Interdisciplinary Graduate Program
First Thesis Advisor
Neal Silverman, PhD
Drosophila, Drosophila Proteins, Innate Immunity, Post-Translational Protein Processing, Proteolysis, Signal Transduction, Ubiquitin
Dissertations, UMMS; Drosophila; Drosophila Proteins; Immunity, Innate; Protein Processing, Post-Translational; Proteolysis; Signal Transduction; Ubiquitin
Innate immunity is the first line of defense against invading pathogens. It provides immediate protection by initiating both cellular and humoral immune reactions in response to a wide range of infections. It is also important to the development of long-lasting and pathogen-specific adaptive immunity. Thus, studying of the innate immunity, especially the pathogen recognition and signaling modulation, is crucial for understanding the intrinsic mechanisms underlying the host defense, as well as contributing the development of the fight against infectious diseases. Drosophila is an ideal model organism for study of innate immunity. Comparing to mammals, Drosophila immunity is relative conserved and less redundant. A variety of molecular and genetic tools available add further convenience to the research in this system. My work is focused on the signaling modulation by post-translational modification after activation. In these studies I demonstrated in the center of Imd pathway, the Imd protein undergoes proteolytic cleavage, K63-polyubiquitination, phosphorylation, K63-deubiquitination and K48-polyubiquitination/degradation in a stimulation-dependent manner. These modifications of Imd play a crucial role in regulating signaling in response to infection. The characterization of ubiquitin-editing event provides a new insight into the molecular mechanisms underlying the activation and termination of insect immune signaling pathway.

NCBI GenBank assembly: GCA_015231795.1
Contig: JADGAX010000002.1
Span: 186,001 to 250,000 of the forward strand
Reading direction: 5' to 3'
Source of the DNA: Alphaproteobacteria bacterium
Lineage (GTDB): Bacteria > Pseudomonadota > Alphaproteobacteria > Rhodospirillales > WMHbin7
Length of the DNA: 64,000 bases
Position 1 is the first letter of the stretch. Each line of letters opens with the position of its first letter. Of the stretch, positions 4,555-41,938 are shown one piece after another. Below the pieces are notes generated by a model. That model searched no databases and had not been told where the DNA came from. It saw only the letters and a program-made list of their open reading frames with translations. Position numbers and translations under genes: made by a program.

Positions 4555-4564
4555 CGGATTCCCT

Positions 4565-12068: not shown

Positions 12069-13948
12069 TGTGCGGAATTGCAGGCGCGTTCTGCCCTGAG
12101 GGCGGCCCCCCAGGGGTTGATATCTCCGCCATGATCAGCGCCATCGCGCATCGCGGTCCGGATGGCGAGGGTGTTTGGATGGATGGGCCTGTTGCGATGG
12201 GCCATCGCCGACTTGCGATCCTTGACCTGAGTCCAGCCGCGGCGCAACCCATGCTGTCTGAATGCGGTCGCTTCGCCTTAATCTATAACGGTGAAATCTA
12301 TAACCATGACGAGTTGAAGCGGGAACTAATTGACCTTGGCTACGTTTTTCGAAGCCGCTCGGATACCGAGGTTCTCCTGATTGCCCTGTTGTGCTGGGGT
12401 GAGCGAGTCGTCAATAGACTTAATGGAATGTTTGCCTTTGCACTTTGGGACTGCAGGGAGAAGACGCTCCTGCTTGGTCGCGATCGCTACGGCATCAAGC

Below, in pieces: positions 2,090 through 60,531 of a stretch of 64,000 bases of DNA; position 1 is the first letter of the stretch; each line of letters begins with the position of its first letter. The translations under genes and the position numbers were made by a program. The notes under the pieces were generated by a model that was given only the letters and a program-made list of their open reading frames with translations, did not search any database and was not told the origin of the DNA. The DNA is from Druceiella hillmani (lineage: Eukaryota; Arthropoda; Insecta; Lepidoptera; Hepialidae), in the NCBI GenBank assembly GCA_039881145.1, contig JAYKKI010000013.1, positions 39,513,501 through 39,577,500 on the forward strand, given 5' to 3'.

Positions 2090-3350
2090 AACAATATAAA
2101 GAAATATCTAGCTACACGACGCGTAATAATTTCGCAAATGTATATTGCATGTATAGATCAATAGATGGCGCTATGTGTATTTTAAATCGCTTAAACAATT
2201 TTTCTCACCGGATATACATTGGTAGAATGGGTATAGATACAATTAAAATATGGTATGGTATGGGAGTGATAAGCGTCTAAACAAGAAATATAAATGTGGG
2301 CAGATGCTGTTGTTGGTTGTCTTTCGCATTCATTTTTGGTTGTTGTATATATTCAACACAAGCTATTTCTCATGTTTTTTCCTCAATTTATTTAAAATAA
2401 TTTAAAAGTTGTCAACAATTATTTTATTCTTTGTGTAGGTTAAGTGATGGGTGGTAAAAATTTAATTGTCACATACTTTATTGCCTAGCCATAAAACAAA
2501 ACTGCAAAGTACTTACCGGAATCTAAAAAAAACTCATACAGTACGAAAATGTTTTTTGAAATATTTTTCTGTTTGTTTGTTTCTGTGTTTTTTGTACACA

Chen, L. TAK1-Mediated Post-Translational Modifications Modulate Immune Response: A Dissertation. (2015). University of Massachusetts Medical School. GSBS Dissertations and Theses. Paper 786. DOI: 10.13028/M2GC7X. http://escholarship.umassmed.edu/gsbs_diss/786
Rights and Permissions
Copyright is held by the author, with all rights reserved.